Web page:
Coronavirus lockdown has been particularly productive for director Steven Soderbergh. The filmmaker, during a Tuesday appearance on a YouTube show, revealed he’s written three screenplays while sheltering in place at his New York home, including a sequel to the 1989 film that brought him to prominence, “Sex, Lies, and Videotape.”
Soderbergh revealed the news on Flaviar’s “NightCap Live,” where he was promoting his Bolivian spirit brand Singani 63. But it wasn’t all talk about booze — Soderbergh delivered when a viewer asked him to tease his future projects.
“During the lockdown I’ve done more sustained writing than I’ve done since the summer of 1985,” he said. “When the lockdown happened here in New York, in order to stay organized and sane, I decided I’m going to write, I’ve got to go back to writing. Within the first six or seven weeks of the lockdown I finished three different screenplays: One of them was a rewrite, one of them was an original, and one of them was an adaptation of a novel … the original was a sequel to ‘Sex, Lies, and Videotape.’ It was an idea that was circling for a while and I think I came up with a way to get back, so I wrote it and I want to make it.”
“Sex, Lies, and Videotape” was among Soderbergh’s first films and was the movie that put him on the map. It won Cannes’ Palme d’Or after its Sundance debut. Its success represented a key moment for independent film with its critical acclaim and financial success for distributor Miramax, helping establish Sundance as a go-to goldmine for promising projects.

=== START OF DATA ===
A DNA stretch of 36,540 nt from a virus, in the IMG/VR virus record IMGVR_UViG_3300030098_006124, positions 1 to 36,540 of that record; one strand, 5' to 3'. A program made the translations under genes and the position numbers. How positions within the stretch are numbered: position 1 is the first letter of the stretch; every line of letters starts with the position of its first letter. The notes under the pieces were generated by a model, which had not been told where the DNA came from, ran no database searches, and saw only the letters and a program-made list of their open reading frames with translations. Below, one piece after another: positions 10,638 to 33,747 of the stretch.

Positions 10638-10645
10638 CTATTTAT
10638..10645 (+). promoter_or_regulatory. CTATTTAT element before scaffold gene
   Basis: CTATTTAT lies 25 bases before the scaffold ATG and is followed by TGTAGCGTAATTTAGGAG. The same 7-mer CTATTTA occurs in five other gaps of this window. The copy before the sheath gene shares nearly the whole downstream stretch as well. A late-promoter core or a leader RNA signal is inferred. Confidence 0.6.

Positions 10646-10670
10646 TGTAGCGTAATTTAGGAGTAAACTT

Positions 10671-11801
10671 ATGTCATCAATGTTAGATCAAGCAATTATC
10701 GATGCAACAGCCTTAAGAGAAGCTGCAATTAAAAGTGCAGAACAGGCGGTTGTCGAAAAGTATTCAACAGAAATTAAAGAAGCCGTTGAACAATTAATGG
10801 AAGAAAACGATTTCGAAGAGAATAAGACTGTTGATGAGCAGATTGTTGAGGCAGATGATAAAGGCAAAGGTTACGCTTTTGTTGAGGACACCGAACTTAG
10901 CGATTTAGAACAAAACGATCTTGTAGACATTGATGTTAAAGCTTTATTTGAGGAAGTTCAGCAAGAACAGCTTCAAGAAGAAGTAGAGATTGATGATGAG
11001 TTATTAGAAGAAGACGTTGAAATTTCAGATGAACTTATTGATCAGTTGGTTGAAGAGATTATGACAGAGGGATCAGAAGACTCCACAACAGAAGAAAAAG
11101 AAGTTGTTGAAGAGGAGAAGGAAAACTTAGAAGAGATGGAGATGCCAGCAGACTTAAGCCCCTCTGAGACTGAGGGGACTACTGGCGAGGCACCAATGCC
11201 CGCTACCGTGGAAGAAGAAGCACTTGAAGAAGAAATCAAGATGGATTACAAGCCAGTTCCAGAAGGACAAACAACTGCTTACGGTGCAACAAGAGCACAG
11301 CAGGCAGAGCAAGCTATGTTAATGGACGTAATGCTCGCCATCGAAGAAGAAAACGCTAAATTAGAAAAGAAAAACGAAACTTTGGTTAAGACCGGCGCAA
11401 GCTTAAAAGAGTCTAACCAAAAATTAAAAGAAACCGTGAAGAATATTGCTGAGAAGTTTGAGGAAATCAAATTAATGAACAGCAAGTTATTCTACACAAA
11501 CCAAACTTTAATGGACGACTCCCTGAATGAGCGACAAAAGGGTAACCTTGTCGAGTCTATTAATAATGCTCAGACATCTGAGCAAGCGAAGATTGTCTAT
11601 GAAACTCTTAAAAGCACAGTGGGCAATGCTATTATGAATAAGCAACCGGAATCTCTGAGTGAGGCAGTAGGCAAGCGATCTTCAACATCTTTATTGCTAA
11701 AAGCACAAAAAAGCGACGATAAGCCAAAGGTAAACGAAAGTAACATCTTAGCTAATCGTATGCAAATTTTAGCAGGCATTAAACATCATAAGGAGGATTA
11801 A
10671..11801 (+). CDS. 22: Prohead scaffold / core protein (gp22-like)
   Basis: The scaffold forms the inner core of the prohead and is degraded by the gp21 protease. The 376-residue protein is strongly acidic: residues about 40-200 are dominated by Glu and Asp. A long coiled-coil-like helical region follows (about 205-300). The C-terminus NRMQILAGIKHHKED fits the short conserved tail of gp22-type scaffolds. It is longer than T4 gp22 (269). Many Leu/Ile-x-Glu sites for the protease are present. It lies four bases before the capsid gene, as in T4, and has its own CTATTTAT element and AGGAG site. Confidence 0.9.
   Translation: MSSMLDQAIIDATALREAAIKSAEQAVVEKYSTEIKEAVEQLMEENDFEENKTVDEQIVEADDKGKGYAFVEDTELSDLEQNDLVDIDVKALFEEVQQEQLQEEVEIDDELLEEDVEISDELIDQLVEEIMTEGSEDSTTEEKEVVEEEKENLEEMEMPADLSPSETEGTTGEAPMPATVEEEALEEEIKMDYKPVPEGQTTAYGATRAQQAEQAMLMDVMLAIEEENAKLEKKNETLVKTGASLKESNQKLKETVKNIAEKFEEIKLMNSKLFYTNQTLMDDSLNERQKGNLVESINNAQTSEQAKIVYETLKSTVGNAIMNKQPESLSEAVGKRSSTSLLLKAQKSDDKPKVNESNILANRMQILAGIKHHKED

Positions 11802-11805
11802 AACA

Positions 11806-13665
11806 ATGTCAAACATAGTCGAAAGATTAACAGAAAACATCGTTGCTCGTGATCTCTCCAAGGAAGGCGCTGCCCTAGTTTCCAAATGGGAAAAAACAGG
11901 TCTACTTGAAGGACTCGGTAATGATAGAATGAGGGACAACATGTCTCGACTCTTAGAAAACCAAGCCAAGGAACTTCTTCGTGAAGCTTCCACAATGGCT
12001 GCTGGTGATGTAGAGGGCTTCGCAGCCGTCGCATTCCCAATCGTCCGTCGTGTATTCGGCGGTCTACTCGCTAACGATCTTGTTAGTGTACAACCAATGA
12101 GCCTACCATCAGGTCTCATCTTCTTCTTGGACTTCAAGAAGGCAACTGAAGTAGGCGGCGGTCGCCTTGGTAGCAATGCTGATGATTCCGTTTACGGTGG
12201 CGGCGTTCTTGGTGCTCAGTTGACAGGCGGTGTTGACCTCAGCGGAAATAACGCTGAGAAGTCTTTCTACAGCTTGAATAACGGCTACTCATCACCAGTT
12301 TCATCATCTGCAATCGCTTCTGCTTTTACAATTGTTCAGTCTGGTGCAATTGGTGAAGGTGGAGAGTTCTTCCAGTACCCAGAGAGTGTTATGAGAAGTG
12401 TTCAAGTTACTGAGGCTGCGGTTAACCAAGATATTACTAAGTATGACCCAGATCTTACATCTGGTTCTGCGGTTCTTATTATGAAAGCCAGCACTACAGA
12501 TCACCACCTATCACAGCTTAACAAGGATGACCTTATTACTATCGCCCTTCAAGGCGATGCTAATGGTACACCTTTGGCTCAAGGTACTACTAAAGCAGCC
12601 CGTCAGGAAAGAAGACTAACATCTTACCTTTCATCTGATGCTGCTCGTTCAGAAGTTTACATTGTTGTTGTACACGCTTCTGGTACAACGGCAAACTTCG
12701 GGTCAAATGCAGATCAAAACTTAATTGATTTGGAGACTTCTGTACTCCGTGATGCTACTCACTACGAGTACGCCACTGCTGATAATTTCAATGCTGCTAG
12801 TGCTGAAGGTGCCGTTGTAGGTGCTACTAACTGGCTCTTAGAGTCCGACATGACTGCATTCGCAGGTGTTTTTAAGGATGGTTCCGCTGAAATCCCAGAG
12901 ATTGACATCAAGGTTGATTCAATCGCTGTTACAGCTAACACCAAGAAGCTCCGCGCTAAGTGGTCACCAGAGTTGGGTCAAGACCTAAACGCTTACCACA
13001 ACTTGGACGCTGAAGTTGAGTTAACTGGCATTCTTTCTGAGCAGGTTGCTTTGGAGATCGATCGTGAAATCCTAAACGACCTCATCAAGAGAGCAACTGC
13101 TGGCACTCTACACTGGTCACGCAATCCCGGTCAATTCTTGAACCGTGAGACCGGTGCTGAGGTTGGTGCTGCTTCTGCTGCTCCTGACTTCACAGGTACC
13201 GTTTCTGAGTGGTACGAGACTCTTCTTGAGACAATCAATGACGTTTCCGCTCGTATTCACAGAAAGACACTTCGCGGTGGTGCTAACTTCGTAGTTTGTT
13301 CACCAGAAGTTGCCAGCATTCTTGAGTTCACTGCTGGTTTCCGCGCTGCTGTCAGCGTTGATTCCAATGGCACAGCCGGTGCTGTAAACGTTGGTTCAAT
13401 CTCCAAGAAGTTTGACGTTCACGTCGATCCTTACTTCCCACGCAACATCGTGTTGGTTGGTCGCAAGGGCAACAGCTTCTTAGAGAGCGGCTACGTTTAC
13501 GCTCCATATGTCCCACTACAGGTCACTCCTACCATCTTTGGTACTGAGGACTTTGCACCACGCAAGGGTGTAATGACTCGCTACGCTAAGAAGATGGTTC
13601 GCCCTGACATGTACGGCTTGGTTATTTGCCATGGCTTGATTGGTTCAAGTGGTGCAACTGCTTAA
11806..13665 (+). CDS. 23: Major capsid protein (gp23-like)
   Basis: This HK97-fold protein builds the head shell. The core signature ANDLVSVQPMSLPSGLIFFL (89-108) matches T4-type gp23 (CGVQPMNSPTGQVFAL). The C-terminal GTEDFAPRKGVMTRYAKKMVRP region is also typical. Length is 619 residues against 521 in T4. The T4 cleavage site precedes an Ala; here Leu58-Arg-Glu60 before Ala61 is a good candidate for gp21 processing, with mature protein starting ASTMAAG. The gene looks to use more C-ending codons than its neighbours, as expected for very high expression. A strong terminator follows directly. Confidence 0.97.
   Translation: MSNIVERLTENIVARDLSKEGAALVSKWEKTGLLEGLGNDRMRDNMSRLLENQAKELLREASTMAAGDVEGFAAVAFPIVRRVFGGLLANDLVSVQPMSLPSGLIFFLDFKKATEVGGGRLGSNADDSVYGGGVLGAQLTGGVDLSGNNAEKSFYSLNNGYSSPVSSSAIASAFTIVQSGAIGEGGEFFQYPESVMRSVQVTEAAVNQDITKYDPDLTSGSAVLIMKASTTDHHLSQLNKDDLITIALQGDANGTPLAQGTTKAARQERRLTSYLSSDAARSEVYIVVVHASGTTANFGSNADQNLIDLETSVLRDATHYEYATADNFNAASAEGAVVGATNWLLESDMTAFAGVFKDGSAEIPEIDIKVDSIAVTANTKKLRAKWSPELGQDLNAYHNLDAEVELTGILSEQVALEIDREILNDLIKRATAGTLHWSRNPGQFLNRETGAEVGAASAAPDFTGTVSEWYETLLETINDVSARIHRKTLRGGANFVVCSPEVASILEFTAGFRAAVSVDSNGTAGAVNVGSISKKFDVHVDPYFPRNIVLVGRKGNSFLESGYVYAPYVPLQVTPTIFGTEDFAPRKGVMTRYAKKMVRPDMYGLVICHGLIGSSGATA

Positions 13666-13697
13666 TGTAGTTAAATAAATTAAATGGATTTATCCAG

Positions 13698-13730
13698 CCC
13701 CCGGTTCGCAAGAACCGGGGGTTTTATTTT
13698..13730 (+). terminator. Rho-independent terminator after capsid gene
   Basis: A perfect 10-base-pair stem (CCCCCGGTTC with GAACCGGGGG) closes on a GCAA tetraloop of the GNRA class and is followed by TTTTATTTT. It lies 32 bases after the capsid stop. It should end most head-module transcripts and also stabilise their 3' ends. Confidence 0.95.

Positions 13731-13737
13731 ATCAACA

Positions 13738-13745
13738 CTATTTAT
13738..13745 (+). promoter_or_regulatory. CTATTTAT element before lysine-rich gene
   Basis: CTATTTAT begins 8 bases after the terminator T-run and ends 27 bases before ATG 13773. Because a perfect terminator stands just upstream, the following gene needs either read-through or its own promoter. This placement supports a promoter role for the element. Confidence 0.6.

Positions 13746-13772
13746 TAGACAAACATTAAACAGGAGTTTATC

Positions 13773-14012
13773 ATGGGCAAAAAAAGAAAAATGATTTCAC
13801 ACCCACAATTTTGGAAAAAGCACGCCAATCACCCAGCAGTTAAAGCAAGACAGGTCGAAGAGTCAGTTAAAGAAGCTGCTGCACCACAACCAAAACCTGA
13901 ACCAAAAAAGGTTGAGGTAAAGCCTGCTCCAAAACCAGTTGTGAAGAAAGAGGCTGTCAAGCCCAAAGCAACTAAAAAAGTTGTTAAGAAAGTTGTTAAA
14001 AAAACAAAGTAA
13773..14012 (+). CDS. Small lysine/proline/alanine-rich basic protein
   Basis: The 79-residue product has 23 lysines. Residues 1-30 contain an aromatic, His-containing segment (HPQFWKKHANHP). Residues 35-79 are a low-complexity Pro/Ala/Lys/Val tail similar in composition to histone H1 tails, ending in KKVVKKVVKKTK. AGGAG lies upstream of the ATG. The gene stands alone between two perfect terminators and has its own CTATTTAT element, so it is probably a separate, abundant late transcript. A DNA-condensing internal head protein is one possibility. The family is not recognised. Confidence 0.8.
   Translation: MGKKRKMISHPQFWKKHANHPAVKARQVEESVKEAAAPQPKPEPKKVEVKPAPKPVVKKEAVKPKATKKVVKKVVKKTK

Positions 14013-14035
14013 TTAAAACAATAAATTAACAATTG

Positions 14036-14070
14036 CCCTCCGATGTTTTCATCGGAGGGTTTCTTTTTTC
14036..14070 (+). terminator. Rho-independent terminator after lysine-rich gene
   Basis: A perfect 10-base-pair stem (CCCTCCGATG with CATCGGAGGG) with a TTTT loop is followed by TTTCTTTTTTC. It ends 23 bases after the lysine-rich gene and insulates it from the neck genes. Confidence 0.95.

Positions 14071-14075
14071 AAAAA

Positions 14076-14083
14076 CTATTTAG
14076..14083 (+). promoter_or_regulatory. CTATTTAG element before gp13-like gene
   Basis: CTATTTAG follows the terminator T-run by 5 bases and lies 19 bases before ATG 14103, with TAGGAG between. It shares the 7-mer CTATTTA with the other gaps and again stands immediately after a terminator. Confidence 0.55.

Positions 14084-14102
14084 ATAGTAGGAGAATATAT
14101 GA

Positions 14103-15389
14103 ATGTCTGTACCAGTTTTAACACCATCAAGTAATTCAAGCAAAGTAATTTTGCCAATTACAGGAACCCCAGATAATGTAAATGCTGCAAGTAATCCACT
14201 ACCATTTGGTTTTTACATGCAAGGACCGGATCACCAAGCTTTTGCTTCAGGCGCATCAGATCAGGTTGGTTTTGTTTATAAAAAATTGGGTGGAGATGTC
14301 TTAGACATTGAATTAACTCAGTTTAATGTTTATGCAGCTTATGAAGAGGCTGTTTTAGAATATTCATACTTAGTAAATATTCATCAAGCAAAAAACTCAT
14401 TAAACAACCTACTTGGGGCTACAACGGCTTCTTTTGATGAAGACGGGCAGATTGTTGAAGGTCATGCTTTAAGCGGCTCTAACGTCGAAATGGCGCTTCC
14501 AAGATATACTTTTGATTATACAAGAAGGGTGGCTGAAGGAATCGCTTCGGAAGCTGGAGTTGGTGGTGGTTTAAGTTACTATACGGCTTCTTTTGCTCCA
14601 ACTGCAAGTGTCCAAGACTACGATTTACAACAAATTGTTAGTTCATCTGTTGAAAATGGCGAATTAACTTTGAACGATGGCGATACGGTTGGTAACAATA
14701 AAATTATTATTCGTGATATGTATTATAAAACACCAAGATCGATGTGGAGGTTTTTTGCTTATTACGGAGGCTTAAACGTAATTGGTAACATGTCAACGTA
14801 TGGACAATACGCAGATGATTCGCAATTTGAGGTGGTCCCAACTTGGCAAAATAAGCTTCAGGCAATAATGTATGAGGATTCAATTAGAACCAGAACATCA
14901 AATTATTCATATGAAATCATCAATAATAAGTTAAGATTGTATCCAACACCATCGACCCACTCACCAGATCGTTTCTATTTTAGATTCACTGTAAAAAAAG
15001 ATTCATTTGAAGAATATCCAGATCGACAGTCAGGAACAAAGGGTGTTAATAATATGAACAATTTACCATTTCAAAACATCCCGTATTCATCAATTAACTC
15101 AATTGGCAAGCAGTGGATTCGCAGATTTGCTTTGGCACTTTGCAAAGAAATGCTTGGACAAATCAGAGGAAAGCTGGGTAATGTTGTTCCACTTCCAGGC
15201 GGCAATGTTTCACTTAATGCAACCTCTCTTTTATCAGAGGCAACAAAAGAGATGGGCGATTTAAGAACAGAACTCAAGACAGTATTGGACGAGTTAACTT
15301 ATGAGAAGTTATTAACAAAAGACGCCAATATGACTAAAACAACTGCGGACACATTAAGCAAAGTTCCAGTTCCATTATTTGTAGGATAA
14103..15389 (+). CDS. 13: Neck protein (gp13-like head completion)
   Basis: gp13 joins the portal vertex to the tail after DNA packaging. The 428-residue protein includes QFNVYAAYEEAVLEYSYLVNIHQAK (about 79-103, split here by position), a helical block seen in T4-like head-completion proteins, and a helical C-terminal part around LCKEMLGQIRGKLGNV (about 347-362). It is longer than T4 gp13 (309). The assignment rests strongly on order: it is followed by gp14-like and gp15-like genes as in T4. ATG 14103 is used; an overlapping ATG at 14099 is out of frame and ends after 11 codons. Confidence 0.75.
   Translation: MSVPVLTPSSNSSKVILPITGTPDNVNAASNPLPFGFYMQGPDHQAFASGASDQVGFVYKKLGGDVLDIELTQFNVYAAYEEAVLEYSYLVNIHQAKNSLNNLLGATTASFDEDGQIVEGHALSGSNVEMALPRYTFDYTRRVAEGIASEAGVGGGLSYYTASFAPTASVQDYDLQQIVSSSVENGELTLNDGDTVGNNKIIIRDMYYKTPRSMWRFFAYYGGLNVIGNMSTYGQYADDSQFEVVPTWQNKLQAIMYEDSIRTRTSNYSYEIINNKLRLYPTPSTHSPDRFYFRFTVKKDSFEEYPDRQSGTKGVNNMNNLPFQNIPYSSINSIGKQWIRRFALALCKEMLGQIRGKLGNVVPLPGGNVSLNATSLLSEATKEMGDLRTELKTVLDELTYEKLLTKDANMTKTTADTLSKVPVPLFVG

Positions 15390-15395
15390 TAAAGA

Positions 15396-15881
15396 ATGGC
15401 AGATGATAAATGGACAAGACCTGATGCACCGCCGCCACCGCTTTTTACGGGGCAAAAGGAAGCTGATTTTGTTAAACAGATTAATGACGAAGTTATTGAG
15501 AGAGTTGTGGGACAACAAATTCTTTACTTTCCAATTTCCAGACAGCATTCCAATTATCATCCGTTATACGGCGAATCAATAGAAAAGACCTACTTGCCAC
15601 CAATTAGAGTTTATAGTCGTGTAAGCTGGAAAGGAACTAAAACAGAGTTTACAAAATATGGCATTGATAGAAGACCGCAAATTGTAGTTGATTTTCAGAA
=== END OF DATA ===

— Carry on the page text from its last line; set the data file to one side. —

He went on to make such acclaimed films as the Best Picture-nominated “Erin Brockovich,” “Traffic,” which won him on Oscar for Best Director; the “Ocean’s Eleven” trilogy, and “Contagion.”
Soderbergh revealed that the adapted screenplay he wrote during lockdown is based on David Levien’s “City of the Sun,” the first in a series of crime novels written by the “Ocean’s 13” co-writer.
“I asked David some years ago if I could adapt the first of the four novels that he wrote around this character. He said ‘sure,’ and I started and then stopped, and then during the lockdown started over again and then finished it,” Soderbergh said. “We’ll see what happens now, but it’s a great book.”